I’ve been noticing hints at a new trend in SRS language study: the decrease of actual SRS sentence entries and reps. A post at WooChinese made me think about my current study methods, which I will quote through a comment I posted on that same entry:

I think that is a perfect analogy, and calls back to your “Experience Repetition” post. Previously, I had been in the camp of SRSing would lead to fluency, keeping an all-Chinese environment around me when possible. However, I began to use the SRS as a crutch and as a way–perhaps the only way–to get the best results. That is, keep on adding sentences and reviewing the ones I had before would get me to my goals.

After being here (Taiwan) for a while, I’ve found that the opposite is true. In fact, I’ve stopped SRSing my sentences and have just been going along with media, conversations with friends, books, etc. as my source. I found that those acted as a better “Spaced Repetition” program than the software itself (harkening back to your own thoughts, perhaps?).

Here you’ve made a good point: an SRS is useful in “train” your “muscles” when you want to–and it’s similar to doing “8 reps” in one “set”, as with weights. I think the SRS is particularly effective here not for putting in complex sentences from news, books, scientific articles, etc. but rather fun pieces of knowledge from TV shows, comic books, friends, things of that nature. So I’ve been turning the SRS into a tool to enjoy past sentences, saving the serious stuff for my own reading. Trying to SRS the serious stuff was no fun and too tiring anyway!

The author made an interest remark in response, which I will also quote here:

Totally agree. I went through more or less the same process, though it seems like you went through the steps more quickly than I did (not surprising — I tend to be pretty stubborn about things like this). One thing that I found with inputting complex sentences into Anki, as opposed to just reading them when I encounter them in nature, is that I would pretty quickly memorize the sentence, so that I’d be a few characters in and know what the sentence was going to say, though I couldn’t actually recite the following words. I think this is just my brain seizing on performance in remembering the card and passing the repetition, rather than on language production and mastery.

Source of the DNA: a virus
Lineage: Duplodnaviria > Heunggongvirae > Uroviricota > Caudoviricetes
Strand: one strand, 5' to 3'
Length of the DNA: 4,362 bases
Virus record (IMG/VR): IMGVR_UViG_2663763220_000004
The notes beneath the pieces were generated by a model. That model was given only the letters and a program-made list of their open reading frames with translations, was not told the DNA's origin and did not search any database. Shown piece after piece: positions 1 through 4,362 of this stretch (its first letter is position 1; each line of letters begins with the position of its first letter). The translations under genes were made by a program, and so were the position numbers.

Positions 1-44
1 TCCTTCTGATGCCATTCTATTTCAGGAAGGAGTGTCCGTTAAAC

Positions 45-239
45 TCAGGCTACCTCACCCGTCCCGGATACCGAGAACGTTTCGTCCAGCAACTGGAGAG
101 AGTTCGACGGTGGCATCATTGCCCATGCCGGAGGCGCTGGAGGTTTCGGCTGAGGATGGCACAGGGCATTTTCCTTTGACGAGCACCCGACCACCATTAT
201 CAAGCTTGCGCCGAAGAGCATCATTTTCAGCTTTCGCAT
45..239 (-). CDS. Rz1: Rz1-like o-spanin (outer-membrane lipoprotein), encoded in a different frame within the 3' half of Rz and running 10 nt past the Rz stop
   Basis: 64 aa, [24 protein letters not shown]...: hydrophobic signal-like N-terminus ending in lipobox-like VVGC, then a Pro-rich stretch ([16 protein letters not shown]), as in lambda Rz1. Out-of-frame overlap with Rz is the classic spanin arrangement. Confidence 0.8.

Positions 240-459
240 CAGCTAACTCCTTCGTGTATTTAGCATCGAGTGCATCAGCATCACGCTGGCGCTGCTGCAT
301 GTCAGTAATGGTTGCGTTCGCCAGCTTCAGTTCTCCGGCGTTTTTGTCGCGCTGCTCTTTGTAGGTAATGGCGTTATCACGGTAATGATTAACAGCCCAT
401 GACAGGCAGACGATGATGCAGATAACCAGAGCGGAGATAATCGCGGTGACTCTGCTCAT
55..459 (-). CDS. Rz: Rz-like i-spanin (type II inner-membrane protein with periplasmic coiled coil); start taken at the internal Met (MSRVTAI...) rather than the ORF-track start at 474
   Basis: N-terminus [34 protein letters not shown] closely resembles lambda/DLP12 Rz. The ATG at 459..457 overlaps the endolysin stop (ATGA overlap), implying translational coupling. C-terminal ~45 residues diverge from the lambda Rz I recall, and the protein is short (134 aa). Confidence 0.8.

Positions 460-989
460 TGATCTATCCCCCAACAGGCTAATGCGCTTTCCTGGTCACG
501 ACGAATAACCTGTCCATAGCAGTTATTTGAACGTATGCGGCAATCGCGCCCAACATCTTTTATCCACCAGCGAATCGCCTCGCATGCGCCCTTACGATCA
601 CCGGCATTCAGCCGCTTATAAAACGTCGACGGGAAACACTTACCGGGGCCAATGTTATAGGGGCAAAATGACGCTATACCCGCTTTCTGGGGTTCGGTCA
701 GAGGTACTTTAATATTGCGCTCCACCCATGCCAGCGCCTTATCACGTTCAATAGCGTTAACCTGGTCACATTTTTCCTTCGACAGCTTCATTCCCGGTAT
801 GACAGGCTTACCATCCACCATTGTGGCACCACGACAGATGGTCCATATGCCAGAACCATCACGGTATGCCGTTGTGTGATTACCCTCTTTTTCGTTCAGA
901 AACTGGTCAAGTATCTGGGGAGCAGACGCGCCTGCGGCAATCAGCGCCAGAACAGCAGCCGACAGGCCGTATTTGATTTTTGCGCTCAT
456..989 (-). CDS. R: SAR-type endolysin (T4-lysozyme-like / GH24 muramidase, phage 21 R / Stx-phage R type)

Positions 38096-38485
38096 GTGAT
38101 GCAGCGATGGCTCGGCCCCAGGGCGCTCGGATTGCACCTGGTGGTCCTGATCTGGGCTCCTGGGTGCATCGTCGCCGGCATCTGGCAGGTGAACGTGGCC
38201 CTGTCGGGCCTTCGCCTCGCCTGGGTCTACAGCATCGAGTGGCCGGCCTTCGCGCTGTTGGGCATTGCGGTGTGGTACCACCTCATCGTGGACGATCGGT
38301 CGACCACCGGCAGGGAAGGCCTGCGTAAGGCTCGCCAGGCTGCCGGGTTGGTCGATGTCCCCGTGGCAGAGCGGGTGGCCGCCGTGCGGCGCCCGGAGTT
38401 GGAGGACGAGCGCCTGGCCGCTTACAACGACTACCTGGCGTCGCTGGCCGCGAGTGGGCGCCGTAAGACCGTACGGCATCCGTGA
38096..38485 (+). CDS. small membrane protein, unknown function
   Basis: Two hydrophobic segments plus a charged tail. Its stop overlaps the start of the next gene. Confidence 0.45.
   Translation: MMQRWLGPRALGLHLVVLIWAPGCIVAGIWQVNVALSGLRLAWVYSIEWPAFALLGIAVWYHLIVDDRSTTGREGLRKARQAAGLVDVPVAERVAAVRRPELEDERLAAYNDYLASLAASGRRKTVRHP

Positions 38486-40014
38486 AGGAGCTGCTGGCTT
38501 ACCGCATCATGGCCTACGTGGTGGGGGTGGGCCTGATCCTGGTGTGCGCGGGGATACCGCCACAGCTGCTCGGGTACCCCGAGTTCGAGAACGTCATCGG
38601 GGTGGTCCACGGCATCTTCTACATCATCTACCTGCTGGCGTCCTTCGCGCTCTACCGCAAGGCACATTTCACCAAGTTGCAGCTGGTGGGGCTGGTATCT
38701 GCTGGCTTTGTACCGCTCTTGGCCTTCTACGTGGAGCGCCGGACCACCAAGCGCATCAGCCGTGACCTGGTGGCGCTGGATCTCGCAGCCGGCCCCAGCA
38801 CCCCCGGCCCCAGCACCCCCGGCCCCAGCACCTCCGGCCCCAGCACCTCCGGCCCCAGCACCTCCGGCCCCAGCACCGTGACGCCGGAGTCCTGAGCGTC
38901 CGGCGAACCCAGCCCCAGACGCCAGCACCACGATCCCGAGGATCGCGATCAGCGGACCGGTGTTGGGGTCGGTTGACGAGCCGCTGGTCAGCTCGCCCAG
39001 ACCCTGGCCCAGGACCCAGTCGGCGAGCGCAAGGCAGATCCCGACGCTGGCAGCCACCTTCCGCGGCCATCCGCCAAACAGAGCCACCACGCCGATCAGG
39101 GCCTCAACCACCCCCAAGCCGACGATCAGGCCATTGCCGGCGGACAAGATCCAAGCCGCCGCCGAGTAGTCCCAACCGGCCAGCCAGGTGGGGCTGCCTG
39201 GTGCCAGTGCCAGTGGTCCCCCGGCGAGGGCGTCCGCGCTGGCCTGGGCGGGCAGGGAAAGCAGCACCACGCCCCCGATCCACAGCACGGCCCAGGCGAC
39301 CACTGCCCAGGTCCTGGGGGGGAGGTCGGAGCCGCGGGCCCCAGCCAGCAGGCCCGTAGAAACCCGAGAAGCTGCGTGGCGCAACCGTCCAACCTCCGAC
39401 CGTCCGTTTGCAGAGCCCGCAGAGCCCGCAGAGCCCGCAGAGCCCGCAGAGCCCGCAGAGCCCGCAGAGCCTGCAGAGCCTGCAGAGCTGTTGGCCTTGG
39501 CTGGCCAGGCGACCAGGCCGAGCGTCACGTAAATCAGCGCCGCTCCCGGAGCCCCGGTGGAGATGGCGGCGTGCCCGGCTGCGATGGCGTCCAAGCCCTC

Anyway, most of you “AJATTers”, or anyone that is following the “10,000” sentences method might think this is a blatant contradiction. “Shouldn’t we at least have 10,000 sentences [even as an imaginary number of varying value] in our SRS?”

This is the wrong mindset to have.

I now strongly believe that inputting and inputting and inputting into an SRS actually takes time away from what you should be doing–getting 10,000 sentences (media/songs/books/comics/news articles/movies/etc. etc.) in your immersion environment.

What I mean by this is, the SRS should just be for fun! Put fun entries in there; don’t bog it down with nasty technical stuff. When I read now, if I find something that I used to SRS, I just search-engine it and find more examples of it in context, rather than placing a single, unmoving, context into a static SRS entry.

I think the SRS is a great tool to get into the scripts of the language (kana/kanji/hanzi) and for really really interesting sentences; but other than that it can be a colossal time waster trying to plug entries in there that, ultimately, don’t really help!

But, hey, what do I know, what is more important is what YOU think!